Akram Alhussein, Mohamed Fares Slim, Manuel François,
Micro/ macroscopic elastic constants of thin films determined by using Impulse Excitation Technique and X-ray diffraction
The International Conference on Surfaces, coatings and interfaces (Surfcoat), Incheon-Seoul Korea, 28-30 March 2018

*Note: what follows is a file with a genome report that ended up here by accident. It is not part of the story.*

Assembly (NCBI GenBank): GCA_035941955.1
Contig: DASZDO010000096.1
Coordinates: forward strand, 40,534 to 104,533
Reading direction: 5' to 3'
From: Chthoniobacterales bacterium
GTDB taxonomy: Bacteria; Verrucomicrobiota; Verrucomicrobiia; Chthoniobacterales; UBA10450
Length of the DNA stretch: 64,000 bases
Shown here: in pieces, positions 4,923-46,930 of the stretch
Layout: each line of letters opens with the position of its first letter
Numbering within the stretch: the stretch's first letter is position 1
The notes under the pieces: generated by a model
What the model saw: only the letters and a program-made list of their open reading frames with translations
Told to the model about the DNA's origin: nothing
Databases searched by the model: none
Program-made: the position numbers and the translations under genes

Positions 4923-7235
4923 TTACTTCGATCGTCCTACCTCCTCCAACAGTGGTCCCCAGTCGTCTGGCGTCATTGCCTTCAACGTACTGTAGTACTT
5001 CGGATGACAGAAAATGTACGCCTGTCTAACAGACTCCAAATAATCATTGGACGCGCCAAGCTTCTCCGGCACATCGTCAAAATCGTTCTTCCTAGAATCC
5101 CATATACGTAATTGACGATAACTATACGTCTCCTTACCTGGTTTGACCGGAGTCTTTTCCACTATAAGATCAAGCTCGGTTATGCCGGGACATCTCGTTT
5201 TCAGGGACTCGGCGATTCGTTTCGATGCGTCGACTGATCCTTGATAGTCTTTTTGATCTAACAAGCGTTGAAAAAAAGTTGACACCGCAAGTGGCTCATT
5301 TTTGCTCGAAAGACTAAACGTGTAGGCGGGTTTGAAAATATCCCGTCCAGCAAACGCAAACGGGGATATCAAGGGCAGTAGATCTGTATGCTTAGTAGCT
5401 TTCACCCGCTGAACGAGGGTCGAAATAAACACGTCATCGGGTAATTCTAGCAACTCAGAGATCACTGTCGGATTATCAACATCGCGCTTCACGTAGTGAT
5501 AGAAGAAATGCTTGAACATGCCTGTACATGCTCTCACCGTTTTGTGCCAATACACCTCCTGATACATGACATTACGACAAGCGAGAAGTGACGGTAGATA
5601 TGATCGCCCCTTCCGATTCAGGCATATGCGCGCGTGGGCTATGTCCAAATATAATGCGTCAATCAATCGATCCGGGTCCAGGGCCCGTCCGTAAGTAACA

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Many methods were developed to obtain the elastic constants of coated materials, which are classified into two groups: static and dynamic techniques. The elasticity of thin films may be different from this of bulk materials and de-pends on the elaboration technique. The ana-lytical models, reported in the literature, used to determine the Young’s modulus of a coat-ing are based on two different theories: the flexural rigidity of a composite beam and the classical laminated beam theory (CLBT). The problem is that the validity of these models depends on coating’s thickness and physical properties of both coating and substrate. This work presents a new methodology on the determination of the elasticity constants of thin films using the impulse excitation tech-nique (IET). It is non-destructive technique with high precision and with which the elastic constants are easy to measure. The tests rely on the measurement of the sample resonance frequency before and after deposition. This study was carried out on pure metallic thin films of aluminum and tungsten deposited on glass and steel substrates by DC magnetron sputtering. The thickness of these films was in the range 3-6 µm deposited on substrates of 1 mm thick. Many experimental tests were em-ployed: IET, Nanoindentation, SEM and XRD. Finite element model (FEM) was developed on ABAQUS software, and then the comparison with the analytical approaches allowed to iden-tify the limits and drawbacks of each one. The best model to determine the film Young’s modulus was identified. A new analytical model was developed to de-termine the macroscopic shear modulus of a coating. The model was numerically (FEM) and experimentally confirmed by studying tungsten films deposited on glass substrates. The choice of tungsten was done because it is well known that its elastic behavior at crystal scale is ideally isotropic. In our study, we focus also on the determina-tion of the microscopic elastic constants of tungsten coating revealing the presence of two phases: W-α and W-β. These phases are respec-tively stable with a CC structure and a meta-stable phase with a cubic structure. The goal is to determine the elasticity constants of the W-β phase not sufficiently known in the litera-ture. The macroscopic elastic constants, pole figures made by X-ray diffraction and the crys-talline orientations of the two phases were de-termined. The relationship between strain and stress has been established using the self-consistent model. This relation is a function of the elasticity constants of the W-β phase, the W-α phase and the macroscopic elastic con-stants of the tungsten film.